DMV News Releases
FOR IMMEDIATE RELEASEWednesday, April 6, 2011
April is National Distracted Driving Awareness Month
More Than a Thousand Virginia Crashes Attributed to Cell Phone Use
RICHMOND - To mark April as National Distracted Driving Awareness Month, the Virginia Department of Motor Vehicles reminds Virginians of the dangers of distracted driving. In 2010 there were 25,597 crashes, 122 fatalities and 14,722 injuries attributed to driver distractions. Cell phone use was a factor in 1,408 of those crashes.
"So many different electronic devices are competing for the attention of drivers over the task of driving itself," said DMV Commissioner Richard D. Holcomb, the Governor's Highway Safety Representative. "Instead of concentrating on driving, motorists are texting, talking on cell phones, eating and playing with the radio, CD player, or MP3 device. All too often the results of this distracting behavior are tragic. No text or call is worth a life."
A recent study by the Virginia Tech Transportation Institute showed that manually texting and dialing cell phones caused a significant increase in crash risk. Texting was associated with the highest risk, 23 times greater than when not texting.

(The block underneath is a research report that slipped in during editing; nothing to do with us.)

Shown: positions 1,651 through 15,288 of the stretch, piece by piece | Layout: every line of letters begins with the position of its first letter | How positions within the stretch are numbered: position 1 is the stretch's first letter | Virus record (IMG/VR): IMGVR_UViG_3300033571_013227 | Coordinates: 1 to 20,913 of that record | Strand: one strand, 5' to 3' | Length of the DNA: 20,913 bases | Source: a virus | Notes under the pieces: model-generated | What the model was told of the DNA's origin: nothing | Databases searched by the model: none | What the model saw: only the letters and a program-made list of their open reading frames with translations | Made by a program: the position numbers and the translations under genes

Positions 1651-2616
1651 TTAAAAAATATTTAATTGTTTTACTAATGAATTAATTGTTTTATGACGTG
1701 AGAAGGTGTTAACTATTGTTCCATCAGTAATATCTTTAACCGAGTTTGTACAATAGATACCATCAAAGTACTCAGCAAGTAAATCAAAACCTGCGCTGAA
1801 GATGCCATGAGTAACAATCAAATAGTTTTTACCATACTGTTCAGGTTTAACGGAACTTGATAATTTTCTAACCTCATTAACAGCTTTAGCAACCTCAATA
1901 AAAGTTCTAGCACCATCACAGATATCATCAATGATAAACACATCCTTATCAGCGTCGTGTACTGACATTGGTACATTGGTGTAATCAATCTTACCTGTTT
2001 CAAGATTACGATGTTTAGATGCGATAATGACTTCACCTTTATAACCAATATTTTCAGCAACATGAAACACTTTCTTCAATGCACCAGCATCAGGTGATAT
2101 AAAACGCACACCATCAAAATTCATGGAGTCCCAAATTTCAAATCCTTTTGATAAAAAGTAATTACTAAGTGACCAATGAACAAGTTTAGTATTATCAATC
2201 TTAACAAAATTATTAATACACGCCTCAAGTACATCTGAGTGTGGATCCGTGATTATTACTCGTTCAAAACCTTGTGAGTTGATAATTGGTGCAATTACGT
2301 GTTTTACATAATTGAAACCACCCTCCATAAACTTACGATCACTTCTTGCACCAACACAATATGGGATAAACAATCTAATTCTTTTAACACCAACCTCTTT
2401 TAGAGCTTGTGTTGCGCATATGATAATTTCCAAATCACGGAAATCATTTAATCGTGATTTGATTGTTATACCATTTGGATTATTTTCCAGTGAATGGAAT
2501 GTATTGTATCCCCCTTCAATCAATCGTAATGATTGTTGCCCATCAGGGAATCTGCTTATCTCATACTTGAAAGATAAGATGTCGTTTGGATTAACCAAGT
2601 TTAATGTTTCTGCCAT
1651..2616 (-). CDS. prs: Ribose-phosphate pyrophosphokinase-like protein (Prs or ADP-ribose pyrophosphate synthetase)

The study also found that using a headset is not any safer than using a hand-held phone. The greatest risks are taking your eyes off the road, which is required when initiating a call, and concentrating on a conversation rather than the complex task of driving. According to the National Highway Traffic Safety Administration (NHTSA) cell phones are a dangerous distraction, hands-free or not.
In Virginia, drivers younger than 18 may not operate a vehicle while using a cell phone, or any other wireless telecommunications device, including those that are considered to be hands-free. Texting or reading text messages while driving is also illegal for all drivers, no matter their age. Texting while driving convictions are assessed three demerit points on a driver's record.
Here are some distracted driving facts for 2010 in Virginia:
- Most distracted driving crashes involve drivers 21 to 35 years old.
- The top five driver distractions last year were, in this order:
- drivers not having their eyes on the road
- looking at a roadside incident
- cell phone use
- passenger distractions
- Most distracted driver crashes occurred at the end of the week on Thursdays, Fridays, Saturdays and Sundays, between noon and 6 p.m.